When most people think of augmented reality, they picture digital words or objects overlaid on whatever real-world scenes they’re seeing through glasses. But Bose announced today that it will offer an “audio AR” alternative called Frames. Offered in larger Alto and smaller Rondo versions, the $199 sunglasses will use integrated speakers to give users location-specific sonic cues as they navigate environments.
Each version of Frames looks largely like a typical pair of sunglasses, apart from oversized arms. Black plastic-framed with steel hinges and uniform gray lenses that promise 99 percent UVA/UVB blocking, the sunglasses weigh a standard 45 grams. Unlike Google’s Glass, users won’t look like weird cyborgs wearing Frames out in public.
The tech inside isn’t as sophisticated as a visual AR headset, but it’s intriguing. Bose includes Bluetooth for 3.5 hours of battery-powered audio playback from your favorite phone. It also places speakers in the frame’s arms, notably doing away with earbuds by producing sound that’s directed towards the wearer’s ears. For phone calling and Siri or Google Assistant voice commands, Frames also include a microphone and multi-function control button on the right temple.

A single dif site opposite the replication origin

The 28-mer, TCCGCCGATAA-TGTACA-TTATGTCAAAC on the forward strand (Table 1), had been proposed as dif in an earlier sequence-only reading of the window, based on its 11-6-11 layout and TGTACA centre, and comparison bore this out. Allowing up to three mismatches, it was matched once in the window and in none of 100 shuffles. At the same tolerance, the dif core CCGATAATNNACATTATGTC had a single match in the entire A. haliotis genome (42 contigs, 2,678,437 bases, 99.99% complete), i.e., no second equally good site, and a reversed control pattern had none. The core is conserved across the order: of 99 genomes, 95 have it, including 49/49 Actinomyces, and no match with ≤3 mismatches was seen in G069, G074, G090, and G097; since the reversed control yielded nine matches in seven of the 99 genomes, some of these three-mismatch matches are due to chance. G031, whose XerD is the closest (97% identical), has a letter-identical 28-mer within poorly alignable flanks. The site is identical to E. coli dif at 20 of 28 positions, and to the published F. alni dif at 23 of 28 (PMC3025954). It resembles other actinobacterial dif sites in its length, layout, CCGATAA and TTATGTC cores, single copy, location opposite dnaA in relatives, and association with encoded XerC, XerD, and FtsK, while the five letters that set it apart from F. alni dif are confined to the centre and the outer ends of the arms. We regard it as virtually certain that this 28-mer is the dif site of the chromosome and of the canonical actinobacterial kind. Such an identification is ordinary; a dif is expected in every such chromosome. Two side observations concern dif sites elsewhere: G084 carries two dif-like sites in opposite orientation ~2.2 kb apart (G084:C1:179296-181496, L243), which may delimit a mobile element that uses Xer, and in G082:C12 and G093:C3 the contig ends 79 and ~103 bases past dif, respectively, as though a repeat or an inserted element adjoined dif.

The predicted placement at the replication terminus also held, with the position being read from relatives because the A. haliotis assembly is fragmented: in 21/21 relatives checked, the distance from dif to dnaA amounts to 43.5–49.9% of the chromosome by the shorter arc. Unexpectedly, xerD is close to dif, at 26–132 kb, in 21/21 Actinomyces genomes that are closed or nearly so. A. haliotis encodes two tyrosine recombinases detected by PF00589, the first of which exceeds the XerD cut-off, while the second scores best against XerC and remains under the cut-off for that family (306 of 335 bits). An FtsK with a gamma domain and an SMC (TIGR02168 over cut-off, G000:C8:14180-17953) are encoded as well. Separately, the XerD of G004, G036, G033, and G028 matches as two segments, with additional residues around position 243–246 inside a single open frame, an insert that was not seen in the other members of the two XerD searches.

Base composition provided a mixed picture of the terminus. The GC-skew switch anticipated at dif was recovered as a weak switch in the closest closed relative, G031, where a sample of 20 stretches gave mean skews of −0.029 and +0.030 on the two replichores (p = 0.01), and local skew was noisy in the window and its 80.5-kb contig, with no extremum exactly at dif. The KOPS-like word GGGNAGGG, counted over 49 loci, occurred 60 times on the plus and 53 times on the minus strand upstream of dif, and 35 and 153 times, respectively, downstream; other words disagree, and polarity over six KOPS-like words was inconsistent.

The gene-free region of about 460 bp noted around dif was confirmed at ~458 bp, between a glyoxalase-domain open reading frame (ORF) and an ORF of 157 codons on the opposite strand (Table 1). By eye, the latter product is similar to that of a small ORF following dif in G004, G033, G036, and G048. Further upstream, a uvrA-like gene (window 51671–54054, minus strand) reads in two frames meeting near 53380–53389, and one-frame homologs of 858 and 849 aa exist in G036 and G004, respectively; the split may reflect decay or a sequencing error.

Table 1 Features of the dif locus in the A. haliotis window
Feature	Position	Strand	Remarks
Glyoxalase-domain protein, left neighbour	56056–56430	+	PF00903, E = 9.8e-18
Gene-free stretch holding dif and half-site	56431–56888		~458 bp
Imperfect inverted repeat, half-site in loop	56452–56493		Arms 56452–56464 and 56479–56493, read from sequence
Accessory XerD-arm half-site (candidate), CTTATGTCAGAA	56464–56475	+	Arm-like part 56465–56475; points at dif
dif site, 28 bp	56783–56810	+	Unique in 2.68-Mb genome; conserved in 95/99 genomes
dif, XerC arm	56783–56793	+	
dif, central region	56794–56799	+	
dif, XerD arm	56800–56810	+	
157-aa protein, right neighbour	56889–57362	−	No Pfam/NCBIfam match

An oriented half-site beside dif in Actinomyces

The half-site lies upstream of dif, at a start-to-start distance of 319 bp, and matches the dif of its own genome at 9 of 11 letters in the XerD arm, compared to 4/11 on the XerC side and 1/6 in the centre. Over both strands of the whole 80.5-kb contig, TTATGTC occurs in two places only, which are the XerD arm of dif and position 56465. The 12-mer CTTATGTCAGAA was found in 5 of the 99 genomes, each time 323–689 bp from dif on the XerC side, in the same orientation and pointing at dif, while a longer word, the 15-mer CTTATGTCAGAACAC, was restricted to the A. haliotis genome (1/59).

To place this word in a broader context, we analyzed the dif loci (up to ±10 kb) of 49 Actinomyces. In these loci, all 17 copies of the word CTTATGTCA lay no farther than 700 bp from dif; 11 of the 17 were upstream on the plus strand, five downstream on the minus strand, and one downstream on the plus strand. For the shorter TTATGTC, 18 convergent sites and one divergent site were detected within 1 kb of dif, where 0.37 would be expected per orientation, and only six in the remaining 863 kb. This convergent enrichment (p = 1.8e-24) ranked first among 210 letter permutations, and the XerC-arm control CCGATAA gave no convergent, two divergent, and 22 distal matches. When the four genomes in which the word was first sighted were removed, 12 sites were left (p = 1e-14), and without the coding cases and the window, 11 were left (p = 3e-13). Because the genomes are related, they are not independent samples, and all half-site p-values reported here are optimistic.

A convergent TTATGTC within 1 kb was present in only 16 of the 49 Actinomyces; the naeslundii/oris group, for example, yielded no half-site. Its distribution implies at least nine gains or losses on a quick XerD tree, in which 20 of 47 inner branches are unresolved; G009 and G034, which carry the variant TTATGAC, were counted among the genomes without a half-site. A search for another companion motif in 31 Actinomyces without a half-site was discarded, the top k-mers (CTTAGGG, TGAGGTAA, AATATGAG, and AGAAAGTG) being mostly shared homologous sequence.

All that hardware basically gets you a somewhat discreet stereo Bluetooth headset, but Bose has gone further by including a nine-axis head motion sensor to determine the direction you’re facing in. The sensor pairs with your phone’s GPS to provide location services information, conceivably enabling “audio AR” apps that will know, for example, that you’re walking around an art gallery and facing specific paintings before playing information about what you’re seeing.
Bose began a campaign in March to get developers interested in creating apps for an early prototype version of Frames, but it’s unclear how many apps are actually going to support the concept. The company plans to launch Frames in January 2019 without AR support, then provide an update on its AR progress in March 2019 at SXSW.
Preorders for Frames start today through Bose’s website. Each pair will include a pogo pin cable promising full recharging in two hours, as well as a cloth cleaning bag and carrying case. Bose expects the first AR apps to become available next year.
This post by Dean Takahashi originally appeared on VentureBeat.